In the game you play a cybernetically-Augmented member of an Interpol task force, and former beat cop from Detroit, named Adam Jensen. At one point you arrive at the apartment Adam is renting while on assignment in Prague to find police tape closing the laneway to one entrance, with bystanders and rubberneckers crowding the line. If you investigate, you find a detective and a rattled witness beside the grisly remains of a reporter killed by brute-force removal of her cybernetic implants.
[Do not read this if you want to play the Harvester mission unspoiled.]The witness refuses to talk to the police, fearing consequences and objecting the police are corrupt and biased against Augmented citizens. The detective bluntly admits as much when asked, saying he is being pressured by his superiors to arrest the reporter's husband and treat the homicide as another case of domestic violence but that the case reminds him of other recent cases unsolved by other officers. The detective, however, has no resources to pursue these leads and dares not risk angering the powers-that-be when only two months away from earning his pension. So, naturally, I volunteered to investigate.
There's a nice mini-game of checking the crime scene for forensics, showing such unusual items as a tuft of bear fur, fragments from an EMP grenade, the tip of a syringe, and broken glasses... as well as a partial fingerprint on the throat of the body. One bystander interviewed volunteers that the reporter had written articles critical of a local politician running for office on a virulently anti-Augmentation platform, though the Augmented bystander is obviously biased against the politician.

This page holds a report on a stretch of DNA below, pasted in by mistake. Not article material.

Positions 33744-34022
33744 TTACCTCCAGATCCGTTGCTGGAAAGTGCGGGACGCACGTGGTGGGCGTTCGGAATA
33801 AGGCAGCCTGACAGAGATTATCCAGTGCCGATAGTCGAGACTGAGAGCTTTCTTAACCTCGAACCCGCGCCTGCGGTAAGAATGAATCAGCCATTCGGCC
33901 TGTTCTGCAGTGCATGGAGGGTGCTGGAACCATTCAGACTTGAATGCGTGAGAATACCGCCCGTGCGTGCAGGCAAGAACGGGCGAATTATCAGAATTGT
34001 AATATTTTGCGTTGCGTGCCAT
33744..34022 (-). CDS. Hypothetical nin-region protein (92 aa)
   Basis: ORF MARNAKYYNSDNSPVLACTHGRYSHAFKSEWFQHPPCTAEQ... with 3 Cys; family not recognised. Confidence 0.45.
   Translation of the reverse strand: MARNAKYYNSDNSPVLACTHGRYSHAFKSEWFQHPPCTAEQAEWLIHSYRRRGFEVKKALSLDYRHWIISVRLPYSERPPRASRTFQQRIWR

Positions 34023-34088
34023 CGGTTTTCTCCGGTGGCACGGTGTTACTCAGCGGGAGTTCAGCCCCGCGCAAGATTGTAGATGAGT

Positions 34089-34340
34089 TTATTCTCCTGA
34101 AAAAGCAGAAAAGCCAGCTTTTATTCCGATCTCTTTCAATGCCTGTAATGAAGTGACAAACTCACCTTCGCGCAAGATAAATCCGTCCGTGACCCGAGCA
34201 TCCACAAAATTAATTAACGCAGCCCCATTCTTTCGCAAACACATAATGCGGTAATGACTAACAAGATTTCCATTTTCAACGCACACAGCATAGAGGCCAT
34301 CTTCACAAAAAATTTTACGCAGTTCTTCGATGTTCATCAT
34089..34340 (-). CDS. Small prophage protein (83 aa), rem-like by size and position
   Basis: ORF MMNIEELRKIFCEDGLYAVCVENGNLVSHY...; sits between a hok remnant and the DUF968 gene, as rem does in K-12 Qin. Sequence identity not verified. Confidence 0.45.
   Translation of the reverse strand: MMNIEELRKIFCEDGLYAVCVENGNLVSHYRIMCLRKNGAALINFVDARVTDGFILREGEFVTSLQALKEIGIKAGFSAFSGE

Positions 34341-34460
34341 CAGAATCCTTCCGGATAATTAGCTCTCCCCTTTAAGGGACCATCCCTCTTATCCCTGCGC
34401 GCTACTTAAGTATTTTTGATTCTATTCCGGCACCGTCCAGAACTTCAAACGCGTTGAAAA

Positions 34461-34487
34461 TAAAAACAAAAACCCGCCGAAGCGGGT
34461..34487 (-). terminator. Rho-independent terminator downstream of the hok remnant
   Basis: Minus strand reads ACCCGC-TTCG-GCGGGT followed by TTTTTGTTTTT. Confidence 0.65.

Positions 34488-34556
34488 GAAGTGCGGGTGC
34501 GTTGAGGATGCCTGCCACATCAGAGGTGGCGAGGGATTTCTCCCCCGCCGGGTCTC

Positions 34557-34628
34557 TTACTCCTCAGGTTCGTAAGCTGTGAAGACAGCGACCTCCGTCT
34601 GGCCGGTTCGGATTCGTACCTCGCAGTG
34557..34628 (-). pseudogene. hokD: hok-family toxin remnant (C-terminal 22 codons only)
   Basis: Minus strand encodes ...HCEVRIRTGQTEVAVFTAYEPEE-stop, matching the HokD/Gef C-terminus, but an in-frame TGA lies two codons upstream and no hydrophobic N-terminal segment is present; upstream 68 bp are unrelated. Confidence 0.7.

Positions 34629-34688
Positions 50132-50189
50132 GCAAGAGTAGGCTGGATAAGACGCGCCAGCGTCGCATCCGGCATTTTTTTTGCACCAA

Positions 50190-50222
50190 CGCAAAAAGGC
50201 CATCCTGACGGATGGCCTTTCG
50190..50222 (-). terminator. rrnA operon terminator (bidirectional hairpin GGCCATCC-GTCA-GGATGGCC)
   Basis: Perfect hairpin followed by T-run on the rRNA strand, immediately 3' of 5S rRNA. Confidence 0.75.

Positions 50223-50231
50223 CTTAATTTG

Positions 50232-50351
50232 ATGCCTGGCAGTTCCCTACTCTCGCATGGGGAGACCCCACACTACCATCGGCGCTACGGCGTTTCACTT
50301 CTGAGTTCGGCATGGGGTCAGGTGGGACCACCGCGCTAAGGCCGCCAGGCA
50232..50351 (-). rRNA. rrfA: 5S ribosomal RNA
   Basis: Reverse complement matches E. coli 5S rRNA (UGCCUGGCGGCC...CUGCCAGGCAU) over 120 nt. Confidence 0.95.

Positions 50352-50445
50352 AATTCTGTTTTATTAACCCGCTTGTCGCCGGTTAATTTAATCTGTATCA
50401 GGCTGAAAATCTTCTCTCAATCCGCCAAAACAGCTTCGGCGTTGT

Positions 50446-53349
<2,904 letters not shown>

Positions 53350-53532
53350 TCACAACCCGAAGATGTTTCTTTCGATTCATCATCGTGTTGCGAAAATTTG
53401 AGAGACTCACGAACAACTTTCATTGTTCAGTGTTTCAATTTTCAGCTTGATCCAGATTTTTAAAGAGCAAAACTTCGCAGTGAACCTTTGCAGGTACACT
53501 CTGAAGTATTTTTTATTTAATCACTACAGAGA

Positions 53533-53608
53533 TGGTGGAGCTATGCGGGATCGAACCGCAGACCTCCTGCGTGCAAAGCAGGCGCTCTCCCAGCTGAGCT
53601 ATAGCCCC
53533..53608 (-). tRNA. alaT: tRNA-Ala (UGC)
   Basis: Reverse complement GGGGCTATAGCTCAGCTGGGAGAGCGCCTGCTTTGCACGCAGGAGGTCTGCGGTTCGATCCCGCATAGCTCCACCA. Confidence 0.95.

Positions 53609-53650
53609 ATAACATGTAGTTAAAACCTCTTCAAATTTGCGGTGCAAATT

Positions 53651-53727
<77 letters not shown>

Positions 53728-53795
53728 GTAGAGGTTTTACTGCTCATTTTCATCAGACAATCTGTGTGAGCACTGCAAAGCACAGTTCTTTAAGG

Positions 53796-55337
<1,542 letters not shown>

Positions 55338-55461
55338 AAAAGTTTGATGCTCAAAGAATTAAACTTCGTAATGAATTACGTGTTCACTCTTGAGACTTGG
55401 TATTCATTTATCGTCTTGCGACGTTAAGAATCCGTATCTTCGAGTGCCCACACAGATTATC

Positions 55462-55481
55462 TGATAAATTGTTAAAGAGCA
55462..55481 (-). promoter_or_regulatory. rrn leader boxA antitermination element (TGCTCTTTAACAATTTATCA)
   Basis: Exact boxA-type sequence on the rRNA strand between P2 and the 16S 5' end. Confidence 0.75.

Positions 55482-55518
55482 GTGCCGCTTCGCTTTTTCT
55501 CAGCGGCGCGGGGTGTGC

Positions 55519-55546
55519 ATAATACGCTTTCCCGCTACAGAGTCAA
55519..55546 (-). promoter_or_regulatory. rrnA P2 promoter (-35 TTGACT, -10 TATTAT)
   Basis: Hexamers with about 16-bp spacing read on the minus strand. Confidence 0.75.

Interviewing the husband shows no signs of domestic violence and (if you're observant) that both his hands are cybernetic and so cannot leave fingerprints. Meanwhile, interviewing the politician shows he has no alibi and, while he claims no particular malice regarding the victim but rather that her reporting only raised his profile among his supporters, he does indeed espouse anti-Aug rhetoric. (Albeit soft-peddled in the presence of an obviously-Augmented officer of the law.) Further investigation of his campaign office shows a bear head mounted over a bed in the basement with shackles anchored to its headboard (the staff grumble about needing more soundproofing for the basement if they don't know you're listening) and signs he is being blackmailed by Augmented prostitutes.
I took the evidence back to the detective and he asked my opinion of who should be the lead suspect; the husband, the politician, or that there was no known candidate. Knowing the husband could not have been the killer, and going with the circumstantial evidence I had, I directed the detective to investigate the politician because I feared that without a definite suspect the detective would have to arrest an obviously innocent man.
And that was my horrible mistake. I let politics interfere with the investigation and, to exonerate one man, ended up accusing a man who was innocent of the crime. Much later on in the game the perpetrator turns out to be the glasses-wearing reluctant witness, though due to enormously-extenuating circumstances she has a very good shot at a diminished capacity defence.
So, yeah; however much I may see myself as a decent sort, I just got pushed into thinking like a bad cop. That's not a nice space to find inside your head, even if it's all in make-believe.
-- Steve sees a lot of narrative holes in Deus Ex, but there are plenty of treasures there too.